Editorial StaffJanuary 31, 20231min
For most people, microbes are something to be observed under a microscope, but for Raquel Bryant, Assistant Professor of Earth and Environmental Sciences, they provide insight into the way that the world around us works. “Collective action is actually possible,” Bryant said, “This is something I learned from microbes.” Strength in numbers is something that Bryant, who studies deep time interactions between life, the ocean, and the climate, sees as an essential principle of both activism and science. Learn more about Bryant in Madeleine Dickman '23's profile, posted at the Inclusion in STEM blog.

Steve ScarpaAugust 26, 20225min
Erika Taylor, associate professor of chemistry, didn’t have a single female science teacher during her academic career. The lack of female representation in the field had an impact on her journey. “I had to swim upstream the whole time. That is what it felt like,” Taylor said. In an effort to make sure other young women don’t feel the same way, Taylor and Meng-ju Renee Sher ‘07, assistant professor of physics, are working diligently to show girls that a life in the sciences is desirable and attainable. The Girls in Science program, a partnership between Wesleyan and the Middletown Public…

Steve ScarpaJuly 15, 20225min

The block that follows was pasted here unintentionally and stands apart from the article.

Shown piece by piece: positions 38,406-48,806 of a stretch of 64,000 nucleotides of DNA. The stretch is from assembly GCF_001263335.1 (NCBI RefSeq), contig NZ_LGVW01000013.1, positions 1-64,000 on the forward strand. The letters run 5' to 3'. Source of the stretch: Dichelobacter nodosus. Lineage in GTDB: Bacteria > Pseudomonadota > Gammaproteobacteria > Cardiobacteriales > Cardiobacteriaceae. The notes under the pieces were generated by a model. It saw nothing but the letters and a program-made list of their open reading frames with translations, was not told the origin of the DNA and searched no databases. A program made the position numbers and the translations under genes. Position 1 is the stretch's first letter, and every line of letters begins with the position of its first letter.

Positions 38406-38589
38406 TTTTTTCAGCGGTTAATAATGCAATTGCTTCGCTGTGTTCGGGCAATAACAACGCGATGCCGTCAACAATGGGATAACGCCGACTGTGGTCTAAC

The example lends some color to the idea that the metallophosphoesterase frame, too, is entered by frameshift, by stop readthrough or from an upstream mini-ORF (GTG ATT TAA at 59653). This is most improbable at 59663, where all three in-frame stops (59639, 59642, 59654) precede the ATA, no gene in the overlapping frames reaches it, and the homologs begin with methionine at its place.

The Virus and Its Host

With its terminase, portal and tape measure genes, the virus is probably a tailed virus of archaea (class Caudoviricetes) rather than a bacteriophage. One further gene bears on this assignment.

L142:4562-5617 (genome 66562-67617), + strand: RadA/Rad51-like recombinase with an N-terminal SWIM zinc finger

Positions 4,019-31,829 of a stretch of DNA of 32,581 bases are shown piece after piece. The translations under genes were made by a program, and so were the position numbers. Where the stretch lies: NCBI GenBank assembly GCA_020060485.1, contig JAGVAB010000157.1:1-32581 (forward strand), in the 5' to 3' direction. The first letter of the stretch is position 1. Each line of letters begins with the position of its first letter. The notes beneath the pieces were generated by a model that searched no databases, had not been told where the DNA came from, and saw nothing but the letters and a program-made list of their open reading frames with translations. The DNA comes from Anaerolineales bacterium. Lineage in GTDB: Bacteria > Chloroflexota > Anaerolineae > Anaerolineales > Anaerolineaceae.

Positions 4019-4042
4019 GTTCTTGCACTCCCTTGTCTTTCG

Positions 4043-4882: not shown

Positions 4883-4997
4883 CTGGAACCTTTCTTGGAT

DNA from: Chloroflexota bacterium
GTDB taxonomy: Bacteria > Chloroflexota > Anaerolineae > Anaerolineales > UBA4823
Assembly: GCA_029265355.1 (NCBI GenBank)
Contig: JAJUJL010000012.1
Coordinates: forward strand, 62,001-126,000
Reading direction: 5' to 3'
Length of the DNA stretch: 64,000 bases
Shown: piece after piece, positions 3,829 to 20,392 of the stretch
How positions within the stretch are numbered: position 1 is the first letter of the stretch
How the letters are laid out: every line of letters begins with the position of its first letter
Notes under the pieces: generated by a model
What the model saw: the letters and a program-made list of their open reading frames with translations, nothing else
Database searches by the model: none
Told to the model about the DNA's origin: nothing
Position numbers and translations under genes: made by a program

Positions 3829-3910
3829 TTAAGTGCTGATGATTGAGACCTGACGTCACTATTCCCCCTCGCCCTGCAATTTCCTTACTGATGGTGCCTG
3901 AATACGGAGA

Enoila Shokunbi, a fifth grader at McDonough School in Middletown, knows exactly what she wants to be when she grows up. “President,” she said quickly. “But I might want to be a singer first.” Enoila explains that someone like Taylor Swift would likely get more votes for president because of her pop stardom, so that might be the route she wants to emulate. After her visit to Wesleyan University’s IDEAS Lab on July 14, Enoila might be able to add scientist to her list of career aspirations. Enoila is part of the STEM GEMS camp run by STEAM Train, a non-profit…

Olivia DrakeApril 11, 20228min
Every summer, Anna Fehr '23 would cherish family camping trips to the mountains in California. There, she could see something many people—especially city residents—rarely get to experience: a truly dark night sky. "I remember seeing the Milky Way and just being blown away by the sheer number of stars," she recalls. "I think I knew at the time that each star was like another sun, and it was just impossible to imagine the scope of what I could see with a naked eye. Also, my parents both have August birthdays, so we would go up to the mountains during the…

Olivia DrakeFebruary 9, 20225min
While scientific societies frequently approach diversity and inclusion efforts by supporting the professional development of historically underrepresented groups, data is lacking to evaluate the efficacy of these methods. As co-principal investigator I of a $701,000 National Science Foundation grant awarded to the American Society for Cell Biology (ASCB), Candice Etson, assistant professor of molecular biology and biochemistry, will help establish a network of experts who will collaboratively identify evidence-based inclusion strategies in STEM. The results will be reported and disseminated in open-access training materials and publications throughout the duration of the three-year project. The project, titled "Enhancing and Developing Biology (LED-BIO) Scientific…